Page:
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Shu Geng
In Memoriam

Shu Geng

Professor of Agronomy, Emeritus

UC Davis
Shu Geng was born in China and later emigrated to Taiwan. He received his undergraduate and Master’s degrees from National Taiwan University and then came to the United States where he received his Ph.D. in Biostatistics from Kansas State University. After working for the Upjohn Company in Kalamazoo, Michigan for several years, he was recruited as a biostatistician to the UC Davis College of Agricultural and Environmental Sciences to support the teaching, consulting, and research needs in experimental statistics. He joined the UC Davis faculty in 1976 and was based in the Department of Agronomy and Range Science. He became a full professor in 1984. He served as Associate Dean for Undergraduate Education in the College of Agricultural and Environmental Sciences for several years. He retired in 2010 and was an active Professor Emeritus in the Department of Plant Sciences.

Shu was also very much interested in service and teaching, both at the undergraduate and graduate levels. As consulting statistician, he provided this service to many UC Davis faculty and graduate students. Often these consultations turned into productive collaborations resulting in many peer-reviewed publications. With the late Jack Hills he wrote the text Biometrics in Agricultural Science, which served as the fundamental text for the primary undergraduate biostatistics course at UC Davis for many years. He received the Instructional Technology Award from UC Davis in 1992. He also taught statistics at the graduate level and supervised the theses and dissertations of many graduate students. He was a popular advisor and was known for his sincere concern for students’ welfare, both personal and academic.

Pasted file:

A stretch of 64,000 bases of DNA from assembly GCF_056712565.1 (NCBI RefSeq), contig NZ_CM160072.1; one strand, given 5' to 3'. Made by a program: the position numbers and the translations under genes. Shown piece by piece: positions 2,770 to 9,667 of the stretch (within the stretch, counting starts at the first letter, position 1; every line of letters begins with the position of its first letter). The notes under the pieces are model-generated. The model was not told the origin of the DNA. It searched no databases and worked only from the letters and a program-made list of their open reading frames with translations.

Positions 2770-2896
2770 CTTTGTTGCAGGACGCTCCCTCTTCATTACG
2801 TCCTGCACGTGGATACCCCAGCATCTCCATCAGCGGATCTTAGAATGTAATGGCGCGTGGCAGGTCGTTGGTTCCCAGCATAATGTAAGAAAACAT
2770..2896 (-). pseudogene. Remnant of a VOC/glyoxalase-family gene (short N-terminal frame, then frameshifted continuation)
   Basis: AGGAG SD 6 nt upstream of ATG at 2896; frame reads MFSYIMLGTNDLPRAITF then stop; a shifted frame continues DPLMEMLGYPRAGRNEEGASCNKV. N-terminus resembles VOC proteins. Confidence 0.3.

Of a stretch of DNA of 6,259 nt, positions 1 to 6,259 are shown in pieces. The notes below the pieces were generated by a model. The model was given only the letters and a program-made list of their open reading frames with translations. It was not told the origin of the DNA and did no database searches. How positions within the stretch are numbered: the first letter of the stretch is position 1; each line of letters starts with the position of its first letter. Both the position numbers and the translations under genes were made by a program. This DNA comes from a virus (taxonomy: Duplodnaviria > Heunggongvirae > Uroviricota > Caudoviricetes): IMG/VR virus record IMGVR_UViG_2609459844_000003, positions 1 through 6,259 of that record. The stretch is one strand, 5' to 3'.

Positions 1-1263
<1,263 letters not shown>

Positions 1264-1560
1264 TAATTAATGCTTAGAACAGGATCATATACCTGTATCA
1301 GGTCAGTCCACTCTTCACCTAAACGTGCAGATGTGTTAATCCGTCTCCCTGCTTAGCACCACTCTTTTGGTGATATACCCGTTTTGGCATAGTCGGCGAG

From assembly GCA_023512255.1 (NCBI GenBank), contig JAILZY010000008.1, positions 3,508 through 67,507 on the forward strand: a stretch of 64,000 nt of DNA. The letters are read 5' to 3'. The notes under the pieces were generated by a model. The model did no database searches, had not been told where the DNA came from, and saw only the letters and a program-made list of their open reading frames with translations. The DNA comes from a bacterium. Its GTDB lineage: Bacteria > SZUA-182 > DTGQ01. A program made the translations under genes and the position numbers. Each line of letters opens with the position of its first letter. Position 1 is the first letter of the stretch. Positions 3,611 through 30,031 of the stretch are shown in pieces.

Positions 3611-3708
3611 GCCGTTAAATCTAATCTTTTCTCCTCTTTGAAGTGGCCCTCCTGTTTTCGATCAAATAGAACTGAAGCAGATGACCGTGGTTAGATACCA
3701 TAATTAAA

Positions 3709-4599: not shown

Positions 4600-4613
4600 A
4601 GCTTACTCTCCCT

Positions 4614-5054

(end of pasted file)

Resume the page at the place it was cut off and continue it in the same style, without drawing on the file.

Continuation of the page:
He developed a research program on the applications of statistical analysis to the improvement of methods of sustainable crop production, both in the United States and internationally. Shu was one of the earliest to recognize that global climate change would have an impact on US crop production and was one of the first to use statistical analysis to forecast the effects of climate change on agricultural productivity and sustainability. Working with his graduate students, he did extensive research on the interaction between wildlife and crops and on sustainable methods of mammalian pest management. He also studied the movement of pesticides and other inputs at the landscape level. He was elected Fellow of the American Society of Agronomy and Fellow of the American Association for the Advancement of Science.

As his career evolved, Shu became more and more interested in landscape level issues affecting and affected by crop production. He also became more and more active in international agriculture, particularly in Asia. After his retirement he forged vital links between UC Davis and numerous Chinese academic and research institutions, including the founding of the UC Education Abroad Program in Beijing in 2006. He served as Founding Dean of the Graduate School of Environment and Energy at Peking University in Shenzhen, China as well as Founding Director of the Sino-U.S. Food Safety Research Center.

Shu is survived by Carolyn his wife of 49 years and children Elvin, Associate Professor at UCSF and Joy, Associate Professor at UC Davis.

James E. Hill
Richard Plant
Calvin O. Qualset
D. W. Rains